Sights Sounds Smells and Scotoma

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A good movie draws me in. I soon forget I’m sitting in a large hall surrounded by strangers.  I forget I’m looking at a flat surface from which millions of tiny mirrors are reflecting back the colored light from a projector.  I grimace and laugh at the predicaments of the characters with whom I am identifying or I ooh and aah at the startlingly close scenes of iconic animals and their remarkable behavior.  When I go to an iMax theater the experience of an alternate reality is especially intense.

I occasionally get a visual scotoma https://en.wikipedia.org/wiki/Scotoma.  When I do I notice a flickering arc of sparkles overlaying  part of my vision.  I can’t look at it directly; if I try, the shimmering rainbow moves so as to remain in the same part of my visual field, always a bit off to one side.   Closing one eye or the other makes no difference.

I know neither the movie nor the flickering rainbow is “real”.  If I reach out to touch the scotoma I feel nothing.  It is well established that the scotoma is originating not in my eyes or in the nerve fibers that transmit the series of blips from individual light receptors in my retina.  Instead it originates in the part of my brain where these digital sequences are being reassembled into a visual image and relayed to my consciousness.  Most of the time, I take for granted that  what I see is exactly what is out there, plain and simple.   But the scotoma makes me reconsider. Here is what I mean.

Right now I am looking at the surface of my desk:  brown wood with sheets of white paper here and there; a shiny metallic pencil sharpener, some pencils, my computer screen with its flashing cursor and below it some black shiny keys on which are printed white letters and numbers.  From past experience I know there is no arc of flashing lights on my desk but it certainly looks to me as though it is there on the surface now.  That part of my brain reconstructing those blips is temporarily malfunctioning.  It is creating its own version of what I am seeing.   Then I imagine that I am a dolphin.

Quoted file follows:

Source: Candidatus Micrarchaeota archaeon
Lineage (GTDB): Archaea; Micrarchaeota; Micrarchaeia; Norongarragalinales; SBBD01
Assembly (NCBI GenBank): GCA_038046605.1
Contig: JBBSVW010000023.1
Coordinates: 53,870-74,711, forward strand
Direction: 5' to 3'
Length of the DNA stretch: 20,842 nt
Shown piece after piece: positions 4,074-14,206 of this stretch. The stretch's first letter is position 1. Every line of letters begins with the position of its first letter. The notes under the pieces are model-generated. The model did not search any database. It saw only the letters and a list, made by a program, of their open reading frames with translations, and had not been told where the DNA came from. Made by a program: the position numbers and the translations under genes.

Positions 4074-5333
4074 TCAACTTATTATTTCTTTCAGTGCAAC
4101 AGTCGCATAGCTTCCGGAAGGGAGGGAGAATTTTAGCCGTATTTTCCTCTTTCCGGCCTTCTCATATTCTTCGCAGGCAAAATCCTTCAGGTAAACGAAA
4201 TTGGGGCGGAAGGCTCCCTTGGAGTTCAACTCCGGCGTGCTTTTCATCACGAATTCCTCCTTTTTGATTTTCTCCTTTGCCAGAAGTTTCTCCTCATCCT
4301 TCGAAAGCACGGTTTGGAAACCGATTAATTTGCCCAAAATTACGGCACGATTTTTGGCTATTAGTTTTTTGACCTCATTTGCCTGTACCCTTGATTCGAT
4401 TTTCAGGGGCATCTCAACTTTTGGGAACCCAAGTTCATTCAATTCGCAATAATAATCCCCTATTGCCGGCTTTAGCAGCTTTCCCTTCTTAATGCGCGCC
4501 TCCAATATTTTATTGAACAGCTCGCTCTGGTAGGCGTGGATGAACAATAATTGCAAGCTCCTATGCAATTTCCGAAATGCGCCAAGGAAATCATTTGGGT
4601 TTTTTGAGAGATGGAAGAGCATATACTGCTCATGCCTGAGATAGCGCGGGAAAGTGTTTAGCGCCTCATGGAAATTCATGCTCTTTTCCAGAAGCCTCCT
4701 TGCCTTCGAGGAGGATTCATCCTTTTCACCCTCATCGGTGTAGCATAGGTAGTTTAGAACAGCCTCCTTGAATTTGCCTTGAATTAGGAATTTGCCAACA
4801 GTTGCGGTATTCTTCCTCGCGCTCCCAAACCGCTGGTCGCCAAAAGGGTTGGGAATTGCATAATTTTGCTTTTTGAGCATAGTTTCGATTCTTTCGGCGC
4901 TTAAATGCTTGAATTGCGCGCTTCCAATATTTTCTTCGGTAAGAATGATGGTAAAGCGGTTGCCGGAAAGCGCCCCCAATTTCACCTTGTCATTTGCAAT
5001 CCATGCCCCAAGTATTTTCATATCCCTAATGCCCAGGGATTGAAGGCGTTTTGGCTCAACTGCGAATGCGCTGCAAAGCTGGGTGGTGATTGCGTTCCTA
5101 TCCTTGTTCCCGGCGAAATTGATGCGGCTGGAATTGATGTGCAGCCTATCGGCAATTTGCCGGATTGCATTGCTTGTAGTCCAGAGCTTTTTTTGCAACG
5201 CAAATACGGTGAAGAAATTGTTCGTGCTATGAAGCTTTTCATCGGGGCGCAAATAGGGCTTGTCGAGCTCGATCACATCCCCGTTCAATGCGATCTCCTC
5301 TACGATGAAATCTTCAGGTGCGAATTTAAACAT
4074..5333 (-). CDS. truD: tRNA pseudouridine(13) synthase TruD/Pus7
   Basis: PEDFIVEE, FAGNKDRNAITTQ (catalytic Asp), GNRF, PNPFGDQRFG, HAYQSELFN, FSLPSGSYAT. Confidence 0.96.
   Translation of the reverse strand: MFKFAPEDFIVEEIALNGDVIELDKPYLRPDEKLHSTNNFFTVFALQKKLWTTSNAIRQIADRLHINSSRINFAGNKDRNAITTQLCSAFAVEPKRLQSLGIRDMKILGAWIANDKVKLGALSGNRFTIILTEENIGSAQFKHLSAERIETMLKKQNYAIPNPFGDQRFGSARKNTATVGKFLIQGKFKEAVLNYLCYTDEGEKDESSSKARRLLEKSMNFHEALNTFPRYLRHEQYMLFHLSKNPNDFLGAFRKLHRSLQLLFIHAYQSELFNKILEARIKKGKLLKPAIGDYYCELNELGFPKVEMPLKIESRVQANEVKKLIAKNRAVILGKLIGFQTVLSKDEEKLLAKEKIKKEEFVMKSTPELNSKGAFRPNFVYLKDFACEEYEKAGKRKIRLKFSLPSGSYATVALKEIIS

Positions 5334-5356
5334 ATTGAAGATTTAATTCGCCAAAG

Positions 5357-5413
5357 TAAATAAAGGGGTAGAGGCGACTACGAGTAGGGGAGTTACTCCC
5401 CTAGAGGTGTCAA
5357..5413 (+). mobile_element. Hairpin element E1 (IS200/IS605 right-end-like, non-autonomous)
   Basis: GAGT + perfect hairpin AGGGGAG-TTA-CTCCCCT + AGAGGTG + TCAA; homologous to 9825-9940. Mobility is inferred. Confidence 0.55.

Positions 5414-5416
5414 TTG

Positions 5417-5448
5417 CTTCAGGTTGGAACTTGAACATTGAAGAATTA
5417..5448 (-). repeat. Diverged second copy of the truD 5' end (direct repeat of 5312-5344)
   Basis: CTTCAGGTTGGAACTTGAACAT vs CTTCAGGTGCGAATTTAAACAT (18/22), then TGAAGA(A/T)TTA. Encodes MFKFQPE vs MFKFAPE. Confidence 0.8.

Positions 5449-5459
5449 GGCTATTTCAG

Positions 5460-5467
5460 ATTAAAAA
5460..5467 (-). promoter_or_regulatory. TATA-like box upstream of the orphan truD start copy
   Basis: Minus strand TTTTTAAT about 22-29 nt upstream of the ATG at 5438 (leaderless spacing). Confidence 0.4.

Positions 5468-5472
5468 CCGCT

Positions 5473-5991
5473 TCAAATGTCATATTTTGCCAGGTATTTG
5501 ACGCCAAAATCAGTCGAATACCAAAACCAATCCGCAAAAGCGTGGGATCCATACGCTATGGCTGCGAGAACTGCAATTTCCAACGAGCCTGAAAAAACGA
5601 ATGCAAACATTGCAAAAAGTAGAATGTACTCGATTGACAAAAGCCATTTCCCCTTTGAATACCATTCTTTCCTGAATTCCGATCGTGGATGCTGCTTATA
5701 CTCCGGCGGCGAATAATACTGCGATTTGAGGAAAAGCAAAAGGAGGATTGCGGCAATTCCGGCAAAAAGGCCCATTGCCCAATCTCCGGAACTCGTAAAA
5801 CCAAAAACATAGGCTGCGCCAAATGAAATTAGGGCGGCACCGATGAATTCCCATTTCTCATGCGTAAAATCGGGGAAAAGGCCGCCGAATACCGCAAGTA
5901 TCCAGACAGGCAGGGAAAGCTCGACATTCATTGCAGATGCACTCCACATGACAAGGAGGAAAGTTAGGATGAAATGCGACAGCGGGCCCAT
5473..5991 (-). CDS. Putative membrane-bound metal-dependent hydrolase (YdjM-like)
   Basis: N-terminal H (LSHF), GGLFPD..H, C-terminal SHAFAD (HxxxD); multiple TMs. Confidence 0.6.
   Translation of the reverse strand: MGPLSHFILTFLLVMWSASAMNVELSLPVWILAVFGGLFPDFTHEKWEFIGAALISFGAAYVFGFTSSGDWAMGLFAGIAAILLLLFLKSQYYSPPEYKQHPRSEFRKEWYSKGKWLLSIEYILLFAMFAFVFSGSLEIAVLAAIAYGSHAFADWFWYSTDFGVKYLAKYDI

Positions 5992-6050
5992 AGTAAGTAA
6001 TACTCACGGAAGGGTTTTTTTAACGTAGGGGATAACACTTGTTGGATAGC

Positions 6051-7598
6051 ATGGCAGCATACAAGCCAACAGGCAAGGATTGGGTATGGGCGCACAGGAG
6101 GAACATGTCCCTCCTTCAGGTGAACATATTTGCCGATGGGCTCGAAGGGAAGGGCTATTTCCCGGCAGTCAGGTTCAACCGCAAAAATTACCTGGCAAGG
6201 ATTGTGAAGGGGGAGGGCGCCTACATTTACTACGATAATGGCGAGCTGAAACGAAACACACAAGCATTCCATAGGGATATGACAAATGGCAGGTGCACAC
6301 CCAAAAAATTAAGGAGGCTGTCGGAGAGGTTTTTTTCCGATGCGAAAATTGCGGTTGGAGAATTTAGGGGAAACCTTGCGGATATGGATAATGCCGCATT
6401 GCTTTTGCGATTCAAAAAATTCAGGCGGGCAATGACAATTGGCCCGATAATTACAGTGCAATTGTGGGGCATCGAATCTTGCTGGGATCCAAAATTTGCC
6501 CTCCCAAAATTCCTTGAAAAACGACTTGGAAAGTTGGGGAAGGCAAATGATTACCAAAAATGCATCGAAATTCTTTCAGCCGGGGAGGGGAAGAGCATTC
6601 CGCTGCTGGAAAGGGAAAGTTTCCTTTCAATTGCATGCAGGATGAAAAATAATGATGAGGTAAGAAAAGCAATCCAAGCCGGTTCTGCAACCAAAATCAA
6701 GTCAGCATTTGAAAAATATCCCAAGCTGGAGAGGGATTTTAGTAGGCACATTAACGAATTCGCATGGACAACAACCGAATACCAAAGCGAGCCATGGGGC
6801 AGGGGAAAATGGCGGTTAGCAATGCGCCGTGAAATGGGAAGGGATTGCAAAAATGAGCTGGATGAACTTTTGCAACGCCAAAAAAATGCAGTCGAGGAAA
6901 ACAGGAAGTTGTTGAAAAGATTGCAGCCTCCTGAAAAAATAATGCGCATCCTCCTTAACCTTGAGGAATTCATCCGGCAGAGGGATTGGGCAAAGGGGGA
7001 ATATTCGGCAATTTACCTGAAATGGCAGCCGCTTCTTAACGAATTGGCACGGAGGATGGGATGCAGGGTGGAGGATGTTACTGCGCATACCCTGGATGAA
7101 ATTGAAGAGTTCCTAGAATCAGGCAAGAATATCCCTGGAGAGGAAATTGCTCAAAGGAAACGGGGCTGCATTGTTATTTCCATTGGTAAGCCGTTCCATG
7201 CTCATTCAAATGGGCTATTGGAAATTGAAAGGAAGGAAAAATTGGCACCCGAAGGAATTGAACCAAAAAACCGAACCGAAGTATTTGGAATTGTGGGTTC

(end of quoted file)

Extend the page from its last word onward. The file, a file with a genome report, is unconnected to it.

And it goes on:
If I were a dolphin, that scotoma might still be there – but this time it would be a stuttering arc superimposed over a somewhat different reality. That reality would almost certainly not be the product of visual inputs.  Rather it would be assembled from the rich series of blips coming back to my brain from my acutely sensitive acoustic machinery as it picked up the returning echoes of the clicks I was sending out.  Instead of a brown grain-patterned desk surface my dolphin brain would be reconstructing a medium hard, ever-so-slightly-rough flat surface, though the edges and general shape would still be that of the desk I am working at. The sheets of paper scattered about would be there but probably perceived as rectangles with a slightly smoother texture than the desktop itself.  That metal pencil sharpener would probably be very “bright” and the pink pencil eraser tip – soft echo-damping rubber that it is – would probably be just a smudge.  The white letters of my computer keyboard  would be indistinguishable, echo-wise, from each hard plastic computer key on which it is printed – unless, of course, they were embossed there as well.  

But there would be more to it. Depending on the strength of my clicks and the sensitivity of my receiving apparatus I might even perceive a second layer  of objects – the stuff in the top drawer beneath the  desktop.  By assembling a second fainter series of returning echoes which vibrated their way back and forth through the desktop and created a sound silhouette of the rulers, stapler, paper clips and cough drops I keep in the underlying drawer, my dolphin consciousness would be “seeing” – or rather “hearing”- through the desk surface much as we see through a window. Of course the distant scene my human self looks at through that completely echo-opaque pane of glass, to my dolphin self, would be invisible.

And then there are bats.  Probably the same deal as dolphins.  After all, they fly around at high speed in total darkness and zero in on thousands of mosquito-sized insects nightly.  And what about the moles chasing earthworms and grubs under our lawn. What does their underground landscape “look” like.  And how would my desktop and computer “appear” to the mole after it had snuffled all over my desk and sniffed its entire surface in order to “see” it.

Any observant dog owner knows that the sensory input of greatest meaning  to their pet is not the incoming photons reflected off the surface of things, or the sounds it is hearing but the molecular traces of organic compounds wafting in the rivers of air through which it runs.

Some years ago, my wife and I were walking along the edge of a pond near our house with Mocha, our sweet labrador retriever.   About ten yards ahead we watched a sinuous brown mink emerge from the pond, run humpy inch-worm style across the path and disappear on the other side – all well out Mocha’s line of sight since she’d fallen a bit behind – probably sniffing the water’s edge for dead frogs she could roll in.  Shortly, she came bounding forward at full speed to regain her traditional position as pack leader.  Then, running pell-mell ahead of us, mid stride she appeared to hit a brick wall.   Head buckling under her front legs she did a full somersault – right where the mink had crossed the path moments earlier.  Like the act of throwing up one’s hands in response to an object flying fast at one’s face, that scent had triggered a set of reflexes just as powerful in Mocha.  After taking a moment to get a sense of where she had ended up, she bounded into the brush over the precise path the mink had followed.  It certainly looked as if that scent had instantaneously constructed in Mocha’s mind a useful version of the reality surrounding us, and one, incidentally, of which we humans were entirely unaware.